Football is a great game and it’s in the best health it has ever been in.
That’s a statement that might shock some people, maybe even a lot of people, but it just happens to be true.
The popular narrative around Gaelic football suggests that the game is in a constant, evolving state of crisis, only ever one more bad 70 minutes away from complete meltdown.
This is mostly fed by media pundits, former players on television, on radio, in newspapers and online; a small number of voices setting an agenda that Croke Park seem happy to follow.
By contrast, hurling is viewed as a game with no problems. Any suggestion to the contrary will lead to outraged below-the-line comments.
Ask most footballers do they enjoy playing the game and they’ll say yes. Why else would they play it?
Hurling is an amazing sport, no question. It’s just interesting to see how the two most popular Gaelic games are treated, analysed and cherished.
Hurling is largely left to its own devices, football is constantly being tinkered with in order to solve problems that don't always exist. On Saturday five proposals will be put to Central Council which could radically alter the game in the future.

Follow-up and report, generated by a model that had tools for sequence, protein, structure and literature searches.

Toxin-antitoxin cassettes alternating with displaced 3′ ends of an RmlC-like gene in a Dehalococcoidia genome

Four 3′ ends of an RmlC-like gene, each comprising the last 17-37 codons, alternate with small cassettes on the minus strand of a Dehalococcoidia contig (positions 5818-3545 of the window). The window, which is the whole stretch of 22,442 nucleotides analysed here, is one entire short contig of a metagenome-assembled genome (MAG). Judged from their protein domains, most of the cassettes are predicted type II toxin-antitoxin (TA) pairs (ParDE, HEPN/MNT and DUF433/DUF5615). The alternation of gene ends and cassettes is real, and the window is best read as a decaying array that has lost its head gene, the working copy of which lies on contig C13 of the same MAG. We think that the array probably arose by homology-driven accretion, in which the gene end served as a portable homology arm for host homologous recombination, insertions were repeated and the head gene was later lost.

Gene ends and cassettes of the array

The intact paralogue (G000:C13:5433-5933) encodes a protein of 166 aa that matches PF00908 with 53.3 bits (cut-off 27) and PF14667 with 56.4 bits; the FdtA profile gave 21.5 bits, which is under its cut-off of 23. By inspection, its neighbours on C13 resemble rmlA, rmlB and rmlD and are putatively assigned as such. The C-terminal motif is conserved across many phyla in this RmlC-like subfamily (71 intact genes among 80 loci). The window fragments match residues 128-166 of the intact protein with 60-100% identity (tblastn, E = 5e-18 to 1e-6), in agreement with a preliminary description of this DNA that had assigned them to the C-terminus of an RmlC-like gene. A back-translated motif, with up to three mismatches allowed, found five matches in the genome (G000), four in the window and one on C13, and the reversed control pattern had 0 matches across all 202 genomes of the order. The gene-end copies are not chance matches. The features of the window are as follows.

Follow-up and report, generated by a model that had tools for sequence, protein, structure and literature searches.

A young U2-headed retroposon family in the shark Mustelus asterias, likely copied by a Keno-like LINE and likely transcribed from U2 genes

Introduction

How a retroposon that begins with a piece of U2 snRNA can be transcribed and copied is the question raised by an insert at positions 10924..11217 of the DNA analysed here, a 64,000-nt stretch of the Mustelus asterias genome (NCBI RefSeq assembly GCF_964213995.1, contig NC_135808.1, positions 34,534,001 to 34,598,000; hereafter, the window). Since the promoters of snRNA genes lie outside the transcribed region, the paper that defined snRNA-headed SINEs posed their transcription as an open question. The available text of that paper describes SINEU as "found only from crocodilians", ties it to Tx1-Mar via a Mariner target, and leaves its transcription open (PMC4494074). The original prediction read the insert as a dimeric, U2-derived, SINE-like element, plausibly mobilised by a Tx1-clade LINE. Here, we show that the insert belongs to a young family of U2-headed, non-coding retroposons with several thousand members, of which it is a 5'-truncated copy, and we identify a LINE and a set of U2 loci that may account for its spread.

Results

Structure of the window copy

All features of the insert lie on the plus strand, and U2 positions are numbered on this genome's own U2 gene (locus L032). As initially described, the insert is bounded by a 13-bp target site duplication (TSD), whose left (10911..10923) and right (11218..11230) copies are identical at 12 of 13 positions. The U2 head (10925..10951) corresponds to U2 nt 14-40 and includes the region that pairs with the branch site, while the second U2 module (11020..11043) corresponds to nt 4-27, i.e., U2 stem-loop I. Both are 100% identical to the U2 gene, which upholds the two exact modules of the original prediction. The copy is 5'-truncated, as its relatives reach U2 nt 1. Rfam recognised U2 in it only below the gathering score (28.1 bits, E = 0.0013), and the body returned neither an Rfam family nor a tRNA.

People hark back to a supposed golden age when the big ball game was better. But watch the Kerry golden years team in action and you’ll see them hand-passing the leather off it as they work the ball up the field.
There were great teams in the sixties too, Down and Galway among them, but the solos went above head height and the ball was thrown in the air before it was hand-passed, both of which would see a player cleaned out of it now and possession turned over.
Even watching a game from the first decade of this century now can be frustrating. The ’02 All-Ireland semi-final between Armagh and Dublin was a classic, though it’s both amazing and frustrating how often possession was simply kicked away by a clearing defender.
Sure, Fermanagh-Monaghan in this year’s Ulster semi-final might not have been riveting watching. The same pairing probably wasn’t back in the seventies either, there just weren’t television cameras, or even many fans there to make that judgement.
Retaining possession is not a bad thing. Hand-passing is not a bad thing. A goalkeeper going short to a corner-back in order to build an attack from deep is not a bad thing.
The problem is when teams do these things without a proper plan and this comes down to coaching.
There are plenty of under-qualified coaches at the top level that have only solved two-thirds of the equation - they want to stop the opposition scoring and they want to retain possession when they have it, yet they haven’t worked out how to get enough scores to win a game.
Derry’s Chrissy McKaigue proved a beacon or reason in September when his club Slaughtneil were at the centre of a controversy as Magherafelt withdrew all of their players into their own half during a county championship game and allowed an opposition player solo the ball on the spot for 30 seconds unmolested.